Are Flexible Contracts for You?
As you can see from the above, flexible contracts are not for everyone. However, the growing appeal of smart meters and the promise of smart grids variations in the future suggest that they will become more prevalent.
Your business should have:
1. suitably high volume of energy consumption,
2. capable manpower to manage the trading,
3. expertise and confidence within the energy market,
4. favour and freedom for risk
and, if it does, then flexible contracts are probably a very attractive choice of energy supply.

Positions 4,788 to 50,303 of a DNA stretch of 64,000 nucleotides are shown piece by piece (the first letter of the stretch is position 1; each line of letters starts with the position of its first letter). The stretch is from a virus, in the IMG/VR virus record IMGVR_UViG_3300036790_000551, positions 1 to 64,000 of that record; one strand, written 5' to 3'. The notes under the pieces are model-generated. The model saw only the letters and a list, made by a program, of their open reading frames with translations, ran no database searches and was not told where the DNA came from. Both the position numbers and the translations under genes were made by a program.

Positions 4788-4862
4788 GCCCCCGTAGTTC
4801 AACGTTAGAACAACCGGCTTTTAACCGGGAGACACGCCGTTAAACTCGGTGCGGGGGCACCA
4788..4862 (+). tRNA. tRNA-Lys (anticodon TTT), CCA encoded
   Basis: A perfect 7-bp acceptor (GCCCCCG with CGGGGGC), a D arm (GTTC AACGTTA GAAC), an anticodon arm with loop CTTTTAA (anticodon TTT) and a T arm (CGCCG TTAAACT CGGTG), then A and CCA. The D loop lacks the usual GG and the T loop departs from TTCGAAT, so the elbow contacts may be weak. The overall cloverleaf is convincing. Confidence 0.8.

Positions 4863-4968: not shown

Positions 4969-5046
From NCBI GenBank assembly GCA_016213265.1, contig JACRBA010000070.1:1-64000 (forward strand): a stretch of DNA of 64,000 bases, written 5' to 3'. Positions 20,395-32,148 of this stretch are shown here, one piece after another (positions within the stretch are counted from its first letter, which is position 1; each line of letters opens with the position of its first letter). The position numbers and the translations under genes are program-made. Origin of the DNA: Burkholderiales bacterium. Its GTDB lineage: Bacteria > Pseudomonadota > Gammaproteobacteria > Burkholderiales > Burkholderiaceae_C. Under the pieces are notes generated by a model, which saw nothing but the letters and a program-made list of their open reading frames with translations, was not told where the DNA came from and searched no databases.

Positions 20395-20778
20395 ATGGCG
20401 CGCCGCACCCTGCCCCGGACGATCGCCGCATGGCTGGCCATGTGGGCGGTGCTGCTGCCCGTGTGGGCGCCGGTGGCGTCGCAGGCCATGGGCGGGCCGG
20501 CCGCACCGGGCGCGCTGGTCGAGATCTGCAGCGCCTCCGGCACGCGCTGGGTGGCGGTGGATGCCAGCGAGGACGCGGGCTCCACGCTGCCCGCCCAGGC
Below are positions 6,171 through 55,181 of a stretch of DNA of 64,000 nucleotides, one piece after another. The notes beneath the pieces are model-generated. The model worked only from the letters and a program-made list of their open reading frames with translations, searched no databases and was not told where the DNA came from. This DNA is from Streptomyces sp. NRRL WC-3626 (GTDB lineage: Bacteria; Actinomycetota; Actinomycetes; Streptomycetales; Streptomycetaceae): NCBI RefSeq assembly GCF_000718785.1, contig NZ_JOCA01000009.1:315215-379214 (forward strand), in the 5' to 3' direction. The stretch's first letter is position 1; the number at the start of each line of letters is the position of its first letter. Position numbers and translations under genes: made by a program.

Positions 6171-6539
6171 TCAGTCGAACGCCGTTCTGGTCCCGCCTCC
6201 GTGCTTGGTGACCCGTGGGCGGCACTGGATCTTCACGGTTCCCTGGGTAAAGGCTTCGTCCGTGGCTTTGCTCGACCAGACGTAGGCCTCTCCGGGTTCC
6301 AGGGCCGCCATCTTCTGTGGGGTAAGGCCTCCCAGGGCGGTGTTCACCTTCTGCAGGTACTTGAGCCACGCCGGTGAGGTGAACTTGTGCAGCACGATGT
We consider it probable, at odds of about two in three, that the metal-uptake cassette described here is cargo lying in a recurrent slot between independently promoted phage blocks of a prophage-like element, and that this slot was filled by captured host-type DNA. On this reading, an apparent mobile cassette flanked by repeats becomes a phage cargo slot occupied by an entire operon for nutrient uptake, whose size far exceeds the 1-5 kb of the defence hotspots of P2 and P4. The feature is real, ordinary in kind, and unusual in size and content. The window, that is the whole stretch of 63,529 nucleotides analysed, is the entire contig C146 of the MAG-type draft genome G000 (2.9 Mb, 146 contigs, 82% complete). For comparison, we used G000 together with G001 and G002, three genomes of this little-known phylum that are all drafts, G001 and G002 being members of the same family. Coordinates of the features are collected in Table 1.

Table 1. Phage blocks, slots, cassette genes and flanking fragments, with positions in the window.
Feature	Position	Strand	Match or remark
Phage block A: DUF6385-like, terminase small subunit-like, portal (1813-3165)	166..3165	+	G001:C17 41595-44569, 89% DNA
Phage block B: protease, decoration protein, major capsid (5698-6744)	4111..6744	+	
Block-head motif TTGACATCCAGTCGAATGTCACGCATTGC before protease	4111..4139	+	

What to Look for in a Flexible Contract
So, you have decided you may be interested in pursuing a flexible contract. Here is a quick overview of what you should be aware of when assessing quotes:
|WHAT TO LOOK FOR||EXPLANATION||QUESTIONS TO REFLECT ON|
|Length of Contract||Contracts can range from 1-5 years||Longer duration of contracts provides optimum trading opportunities.|
Longer contracts risk leaving you in an unbeneficial situation for a long period
|Non-commodity costs can be fully or partially fixed or can be passed through at cost.||Having all, or at least some, of the demand related charges pass through will reduce premiums.|
Choosing to do this will increase the complexity of your invoices as the contract is transparent; this may generate more work for a purchasing team.